Digital Competency: A prerequisite for any career in the 21st Century

Digital has taken over the job market. Even terms like books in accounts are now files on a computer. Automation and digital platforms have changed the nature of jobs. With Artificial Intelligence starting to be adopted by companies across various industries, digital competency is no longer an additional skill, but prerequisite knowledge for any job. To be employable, one must be familiar with a variety of digital tools that differ from job to job.

Thus, some exposure to digital tools during education is necessary. Schools have the responsibility to prepare children for the future, and that is precisely why schools are the ones who have to take it upon themselves to make children digitally competent. A great way by which schools can prepare students to be digitally skilled is by integrating learning and technology. There are a variety of ways by which this can be achieved. These are:

  1. Computer Classes: A practice already in place in many schools, computer classes allow children to get exposure to various computer software. This used to be an effective way to make students digitally competent when a few major software like Microsoft, C++, HTML etc… dominated the industry. Now, with digital competence’s definition going beyond just knowing a couple of software, computer classes aren’t as effective as they used to be.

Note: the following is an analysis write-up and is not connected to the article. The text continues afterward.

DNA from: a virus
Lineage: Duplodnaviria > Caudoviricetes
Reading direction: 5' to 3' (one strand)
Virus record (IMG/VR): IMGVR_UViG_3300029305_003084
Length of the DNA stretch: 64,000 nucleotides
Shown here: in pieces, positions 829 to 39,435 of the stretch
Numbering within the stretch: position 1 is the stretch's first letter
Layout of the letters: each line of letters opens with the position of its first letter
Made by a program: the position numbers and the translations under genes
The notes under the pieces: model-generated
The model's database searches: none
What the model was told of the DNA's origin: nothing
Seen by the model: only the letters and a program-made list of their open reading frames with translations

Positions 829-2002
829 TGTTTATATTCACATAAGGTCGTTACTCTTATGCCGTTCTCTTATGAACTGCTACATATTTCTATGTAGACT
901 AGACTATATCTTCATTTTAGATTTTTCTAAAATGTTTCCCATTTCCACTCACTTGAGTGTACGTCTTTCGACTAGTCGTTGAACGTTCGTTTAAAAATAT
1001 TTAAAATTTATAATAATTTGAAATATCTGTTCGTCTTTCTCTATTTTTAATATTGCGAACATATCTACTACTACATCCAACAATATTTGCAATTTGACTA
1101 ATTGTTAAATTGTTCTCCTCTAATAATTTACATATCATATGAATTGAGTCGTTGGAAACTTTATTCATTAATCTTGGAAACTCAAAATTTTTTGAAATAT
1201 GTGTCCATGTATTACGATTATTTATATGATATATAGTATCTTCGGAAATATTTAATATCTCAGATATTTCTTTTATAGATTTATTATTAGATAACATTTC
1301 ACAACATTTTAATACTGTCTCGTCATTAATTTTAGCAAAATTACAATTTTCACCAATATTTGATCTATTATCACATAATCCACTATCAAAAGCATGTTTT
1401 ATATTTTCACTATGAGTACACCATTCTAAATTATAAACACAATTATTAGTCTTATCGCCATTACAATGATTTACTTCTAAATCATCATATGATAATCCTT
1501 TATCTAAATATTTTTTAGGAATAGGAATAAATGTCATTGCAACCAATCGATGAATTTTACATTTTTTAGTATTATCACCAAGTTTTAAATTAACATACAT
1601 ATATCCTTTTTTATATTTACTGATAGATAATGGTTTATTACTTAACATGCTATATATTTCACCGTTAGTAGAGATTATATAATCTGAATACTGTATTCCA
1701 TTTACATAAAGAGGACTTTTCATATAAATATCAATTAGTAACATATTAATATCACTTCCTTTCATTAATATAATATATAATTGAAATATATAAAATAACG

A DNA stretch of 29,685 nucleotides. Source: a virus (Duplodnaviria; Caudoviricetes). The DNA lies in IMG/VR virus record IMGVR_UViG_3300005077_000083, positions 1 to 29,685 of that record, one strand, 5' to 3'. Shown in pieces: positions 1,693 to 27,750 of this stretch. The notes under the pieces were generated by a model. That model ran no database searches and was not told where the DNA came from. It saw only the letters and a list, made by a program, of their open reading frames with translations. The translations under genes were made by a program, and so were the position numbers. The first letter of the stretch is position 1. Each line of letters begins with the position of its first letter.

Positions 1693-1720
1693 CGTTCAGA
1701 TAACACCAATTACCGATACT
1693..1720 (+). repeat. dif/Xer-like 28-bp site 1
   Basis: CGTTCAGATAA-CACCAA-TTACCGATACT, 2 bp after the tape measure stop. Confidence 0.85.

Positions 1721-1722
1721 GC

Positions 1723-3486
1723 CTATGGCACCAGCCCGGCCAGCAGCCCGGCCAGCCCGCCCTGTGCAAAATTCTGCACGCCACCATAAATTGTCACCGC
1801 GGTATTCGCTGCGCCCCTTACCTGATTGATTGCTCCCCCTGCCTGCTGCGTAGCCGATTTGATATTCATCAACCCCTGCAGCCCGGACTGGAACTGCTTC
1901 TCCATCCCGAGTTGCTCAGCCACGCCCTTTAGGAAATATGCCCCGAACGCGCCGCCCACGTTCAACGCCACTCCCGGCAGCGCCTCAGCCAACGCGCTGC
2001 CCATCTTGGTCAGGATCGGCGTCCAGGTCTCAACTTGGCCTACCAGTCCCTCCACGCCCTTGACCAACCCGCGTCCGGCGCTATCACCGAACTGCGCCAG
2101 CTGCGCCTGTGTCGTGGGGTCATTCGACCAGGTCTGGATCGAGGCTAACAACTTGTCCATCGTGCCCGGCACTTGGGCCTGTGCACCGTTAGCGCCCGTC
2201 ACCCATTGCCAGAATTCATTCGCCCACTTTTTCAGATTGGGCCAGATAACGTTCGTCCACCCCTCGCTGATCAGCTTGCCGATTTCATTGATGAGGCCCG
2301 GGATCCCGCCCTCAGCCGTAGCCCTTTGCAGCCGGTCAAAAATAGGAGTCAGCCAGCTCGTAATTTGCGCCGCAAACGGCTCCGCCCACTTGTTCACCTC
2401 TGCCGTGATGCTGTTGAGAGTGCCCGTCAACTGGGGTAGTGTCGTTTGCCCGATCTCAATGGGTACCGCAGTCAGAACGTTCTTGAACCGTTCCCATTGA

2. Smartboards: Smartboards are the digital replacements of blackboards and whiteboards, which were trademarks of traditional classrooms. Apart from the ability to write on them, smart boards have a variety of inbuilt software which makes learning easy and exciting. Smartboards are also convenient as they enable online classes. Teachers can get on a video call from the classroom and clear doubts of the students. They can also record lessons and put them up for students to access whenever they want. However, smartboards have a significant limitation. Students get exposure to technology, but do not get to use it. Mere exposure only helps them to learn about technology in theory, but they aren’t equipped to handle it on their own.
  3. Personal Learning Devices: The latest advancement in digital classrooms is equipping students with personal learning devices. Personal learning devices or PLDs are internet-enabled devices, such as iPads, Kindle, Netbooks etc… that aid education. Personal learning devices help students consume a vast amount of information in a short period. It is the most effective way to make students digitally competent as they are not just exposed to technology but are also interacting with it. Regular interaction with technology allows children to learn various digital tools on their own and also makes them easily coachable when they undergo training to learn more complex software.

Digital exposure is critical for a child’s development in the 21st Century. Children studying in schools with digitised classrooms will be more likely to be employed in the future as compared to students that have no exposure to technology. However, there is a significant concern that children will get hooked on to computers and develop bad digital habits. Thus, schools should also have a strong focus on teaching digital ethics which ensures students have good digital etiquette. Educating children on digital etiquette will ensure that children do not abuse technology and use it as intended, which is a tool to aid learning.